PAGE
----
Another point to remember is if there is more than 60-75 guest it often does not work well. (I own a wedding design and event planning business, I have seen more bad pot-lucks than good ones) When a pot-luck turns out it is awesome!….. but when it doesn't it is SUPER stressful and you will not find out until right at the reception! It is a wedding and larger quantities of food are required and there will be guest who do not bring dishes or bring very small dishes. I have had to do a last minute food run on more than one occasion.

    That being said I have seen some incredible pot luck weddings too! So if pot luck is the way to go for you keep a few things in mind. Smaller guest list, open communication about food types and quantities (not necessarily on invitation). I usually suggest doing a half and half to make sure it goes off without a hitch. So the couple supplies a basic staple and everyone else brings the extras, such as supply a variety of sandwiches, lasagne, burgers and fixings etc and ask guest to bring side dishes! This way you are guaranteed to have enough food and help ease the budget restraints at the same time!

    BTW love the last comment about considering out of town guest! After all they did travel all that way just for you at their own expense!

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  88. Ok something totally new to me as an event coordinator! I have a wedding this summer that is registered with a local bakery and gourmet deli. Instead of gifts they registered for reception food! They even have a registry list!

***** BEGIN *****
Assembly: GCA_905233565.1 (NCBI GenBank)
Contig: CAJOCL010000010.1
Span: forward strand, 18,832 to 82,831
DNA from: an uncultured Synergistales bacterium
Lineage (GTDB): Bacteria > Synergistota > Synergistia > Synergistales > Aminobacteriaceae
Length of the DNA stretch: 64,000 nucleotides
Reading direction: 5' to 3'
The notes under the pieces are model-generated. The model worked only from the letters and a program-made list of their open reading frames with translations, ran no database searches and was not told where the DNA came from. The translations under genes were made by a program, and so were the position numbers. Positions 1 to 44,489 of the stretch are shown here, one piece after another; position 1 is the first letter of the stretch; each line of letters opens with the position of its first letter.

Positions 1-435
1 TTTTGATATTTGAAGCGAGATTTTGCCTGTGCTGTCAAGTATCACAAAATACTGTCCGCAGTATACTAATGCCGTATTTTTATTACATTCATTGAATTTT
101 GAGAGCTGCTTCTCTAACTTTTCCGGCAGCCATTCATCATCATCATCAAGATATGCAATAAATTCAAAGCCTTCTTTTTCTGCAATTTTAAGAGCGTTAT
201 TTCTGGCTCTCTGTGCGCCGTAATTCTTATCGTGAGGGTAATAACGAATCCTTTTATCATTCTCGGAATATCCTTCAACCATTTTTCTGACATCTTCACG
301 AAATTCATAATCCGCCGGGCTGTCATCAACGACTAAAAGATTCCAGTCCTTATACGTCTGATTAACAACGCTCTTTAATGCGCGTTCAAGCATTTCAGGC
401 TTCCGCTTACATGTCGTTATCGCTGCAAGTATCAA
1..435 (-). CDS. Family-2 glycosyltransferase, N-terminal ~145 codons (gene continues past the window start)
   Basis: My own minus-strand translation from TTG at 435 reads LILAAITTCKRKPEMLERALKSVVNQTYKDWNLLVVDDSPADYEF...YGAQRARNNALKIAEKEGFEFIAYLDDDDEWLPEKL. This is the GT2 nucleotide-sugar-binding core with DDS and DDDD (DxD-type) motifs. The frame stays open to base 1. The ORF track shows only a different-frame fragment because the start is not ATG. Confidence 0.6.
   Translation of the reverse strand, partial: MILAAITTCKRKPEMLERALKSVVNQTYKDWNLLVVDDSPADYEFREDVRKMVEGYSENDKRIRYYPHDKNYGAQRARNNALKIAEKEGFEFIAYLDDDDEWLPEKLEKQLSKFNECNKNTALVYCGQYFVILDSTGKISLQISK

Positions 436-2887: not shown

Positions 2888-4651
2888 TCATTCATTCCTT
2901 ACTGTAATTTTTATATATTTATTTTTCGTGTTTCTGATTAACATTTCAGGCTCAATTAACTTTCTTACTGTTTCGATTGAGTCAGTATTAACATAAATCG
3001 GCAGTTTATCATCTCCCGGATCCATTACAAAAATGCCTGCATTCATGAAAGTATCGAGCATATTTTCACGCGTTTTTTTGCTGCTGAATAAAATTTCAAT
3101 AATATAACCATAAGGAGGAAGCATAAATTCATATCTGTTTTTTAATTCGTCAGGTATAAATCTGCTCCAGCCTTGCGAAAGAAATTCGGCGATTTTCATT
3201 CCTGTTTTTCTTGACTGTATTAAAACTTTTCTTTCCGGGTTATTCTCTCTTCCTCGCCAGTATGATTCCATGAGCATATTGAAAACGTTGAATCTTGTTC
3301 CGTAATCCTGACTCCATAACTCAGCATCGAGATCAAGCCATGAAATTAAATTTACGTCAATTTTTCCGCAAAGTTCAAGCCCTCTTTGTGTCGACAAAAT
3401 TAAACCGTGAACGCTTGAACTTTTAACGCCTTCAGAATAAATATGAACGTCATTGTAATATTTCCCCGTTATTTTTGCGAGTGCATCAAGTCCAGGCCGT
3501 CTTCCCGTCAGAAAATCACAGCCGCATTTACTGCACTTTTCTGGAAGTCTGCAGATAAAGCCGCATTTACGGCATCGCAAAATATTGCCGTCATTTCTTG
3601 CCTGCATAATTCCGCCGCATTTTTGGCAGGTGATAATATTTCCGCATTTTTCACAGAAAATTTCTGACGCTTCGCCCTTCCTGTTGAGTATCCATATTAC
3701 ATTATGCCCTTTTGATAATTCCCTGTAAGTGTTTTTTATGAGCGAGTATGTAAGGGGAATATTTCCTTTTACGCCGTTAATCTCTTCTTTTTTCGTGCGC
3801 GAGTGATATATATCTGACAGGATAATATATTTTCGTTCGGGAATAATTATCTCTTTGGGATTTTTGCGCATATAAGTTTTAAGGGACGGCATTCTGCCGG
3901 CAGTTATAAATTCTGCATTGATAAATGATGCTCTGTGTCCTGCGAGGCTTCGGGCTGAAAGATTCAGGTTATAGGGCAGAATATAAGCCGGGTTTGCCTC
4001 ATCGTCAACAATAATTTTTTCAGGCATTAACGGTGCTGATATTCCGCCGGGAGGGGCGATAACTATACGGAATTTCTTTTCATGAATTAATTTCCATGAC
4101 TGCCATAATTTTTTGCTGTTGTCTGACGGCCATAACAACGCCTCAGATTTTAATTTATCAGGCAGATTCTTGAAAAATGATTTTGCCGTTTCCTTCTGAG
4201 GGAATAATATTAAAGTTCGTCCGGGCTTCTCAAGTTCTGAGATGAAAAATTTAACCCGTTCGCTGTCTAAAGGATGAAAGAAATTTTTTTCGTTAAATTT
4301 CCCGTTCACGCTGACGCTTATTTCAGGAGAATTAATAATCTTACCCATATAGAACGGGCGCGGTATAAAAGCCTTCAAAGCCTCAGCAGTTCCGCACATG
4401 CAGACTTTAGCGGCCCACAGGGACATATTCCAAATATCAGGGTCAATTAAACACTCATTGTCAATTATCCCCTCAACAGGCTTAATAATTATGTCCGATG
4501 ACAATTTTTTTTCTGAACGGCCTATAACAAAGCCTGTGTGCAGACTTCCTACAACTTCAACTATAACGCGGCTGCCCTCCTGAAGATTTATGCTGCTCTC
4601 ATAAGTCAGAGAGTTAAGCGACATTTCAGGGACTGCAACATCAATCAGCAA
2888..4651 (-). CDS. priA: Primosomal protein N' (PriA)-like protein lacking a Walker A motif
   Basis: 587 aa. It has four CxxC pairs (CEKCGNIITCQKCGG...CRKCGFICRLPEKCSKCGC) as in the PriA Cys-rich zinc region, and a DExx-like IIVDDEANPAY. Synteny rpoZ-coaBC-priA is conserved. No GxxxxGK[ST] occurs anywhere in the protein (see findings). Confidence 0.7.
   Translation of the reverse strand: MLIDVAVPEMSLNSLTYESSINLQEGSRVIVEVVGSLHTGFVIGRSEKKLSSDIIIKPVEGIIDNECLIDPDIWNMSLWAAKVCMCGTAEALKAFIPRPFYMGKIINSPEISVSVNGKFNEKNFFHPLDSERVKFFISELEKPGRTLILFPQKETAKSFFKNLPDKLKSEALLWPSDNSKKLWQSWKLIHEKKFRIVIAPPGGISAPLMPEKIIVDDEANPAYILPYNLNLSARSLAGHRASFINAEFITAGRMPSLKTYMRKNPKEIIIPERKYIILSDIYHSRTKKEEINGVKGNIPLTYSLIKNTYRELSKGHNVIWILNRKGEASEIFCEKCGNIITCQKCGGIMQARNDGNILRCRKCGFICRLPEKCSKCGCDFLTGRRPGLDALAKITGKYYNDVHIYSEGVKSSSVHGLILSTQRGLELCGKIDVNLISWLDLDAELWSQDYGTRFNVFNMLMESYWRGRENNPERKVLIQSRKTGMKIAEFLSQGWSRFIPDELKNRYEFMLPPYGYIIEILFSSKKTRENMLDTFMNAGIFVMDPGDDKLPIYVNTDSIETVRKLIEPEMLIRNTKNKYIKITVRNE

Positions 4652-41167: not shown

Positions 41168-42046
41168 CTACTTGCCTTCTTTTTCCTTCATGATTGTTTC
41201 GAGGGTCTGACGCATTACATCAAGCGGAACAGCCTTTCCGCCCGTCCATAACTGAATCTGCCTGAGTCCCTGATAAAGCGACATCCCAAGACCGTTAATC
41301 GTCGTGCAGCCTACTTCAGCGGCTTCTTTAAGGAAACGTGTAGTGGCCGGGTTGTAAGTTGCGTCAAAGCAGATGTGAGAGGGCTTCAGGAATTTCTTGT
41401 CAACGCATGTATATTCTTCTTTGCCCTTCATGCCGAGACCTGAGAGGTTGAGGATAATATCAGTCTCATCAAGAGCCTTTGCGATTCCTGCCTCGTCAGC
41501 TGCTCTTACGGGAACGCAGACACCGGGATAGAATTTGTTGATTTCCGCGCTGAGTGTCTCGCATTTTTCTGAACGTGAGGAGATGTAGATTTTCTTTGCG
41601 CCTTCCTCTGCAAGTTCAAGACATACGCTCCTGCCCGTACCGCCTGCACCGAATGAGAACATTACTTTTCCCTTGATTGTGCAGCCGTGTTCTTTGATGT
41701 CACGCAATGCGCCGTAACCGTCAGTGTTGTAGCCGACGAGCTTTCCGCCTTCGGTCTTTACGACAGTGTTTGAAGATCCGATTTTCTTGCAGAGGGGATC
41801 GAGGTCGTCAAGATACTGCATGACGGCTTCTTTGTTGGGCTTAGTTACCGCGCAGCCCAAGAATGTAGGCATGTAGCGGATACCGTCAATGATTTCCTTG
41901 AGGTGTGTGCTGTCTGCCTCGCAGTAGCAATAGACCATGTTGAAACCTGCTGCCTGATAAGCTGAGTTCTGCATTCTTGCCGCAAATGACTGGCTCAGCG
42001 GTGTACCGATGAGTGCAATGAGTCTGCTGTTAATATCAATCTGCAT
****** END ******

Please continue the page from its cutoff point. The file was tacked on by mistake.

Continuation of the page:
The invitation wording was carefully chosen to be polite and leave a "choice" to guest. I really can't wait to start hearing feedback (invitations were just sent out as it is the end of September). This may be an option too!….plus you will at least know ahead of time if there is enough food!

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  89. If you ever look up how weddings were held back in the "good ole days", that is how it was originally done. The community came together with dishes of food from the families celebrating the wedding. The gift giving started with the same families bringing items from their own homes to "donate" to the newlyweds so they could start setting up housekeeping in their new home together. So in my opinion, to say it is tacky is just ridiculous. It is traditional, but not tacky.

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  90. I think it's a bit too simplistic to just say "oh pot luck is how they did it back in the day, so it's not tacky!! The world has changed quite a bit since then. Many families have two working parents, live far from extended family and no one to watch their children. People are shuffling their kids to soccer, ballet, karate, and a plethora of extra curricular activities. Even a lot of singles are working long hours or two jobs to make ends meet. IMHO, it's quite burdensome to ask your guests to cook a dish to feed your entire guest list. Fair enough if you are providing an option to give a gift in lieu of a dish, but I do think it's not appropriate to expect both. Etiquette exists not to be "stuffy" but to be considerate of others.

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  91. I think it's wrong to judge others and say it's tacky. Just because it's not what you want or what you would do, doesn't make it tacky. It just means it's not for you. Especially in this situation where they don't have much options for their time frame. It would be even more wrong to judge them over something they really can't help, you know? I just really dislike saying mean things about people and their wedding choices. If they want a potluck, that's great! I don't see an issue with that at all!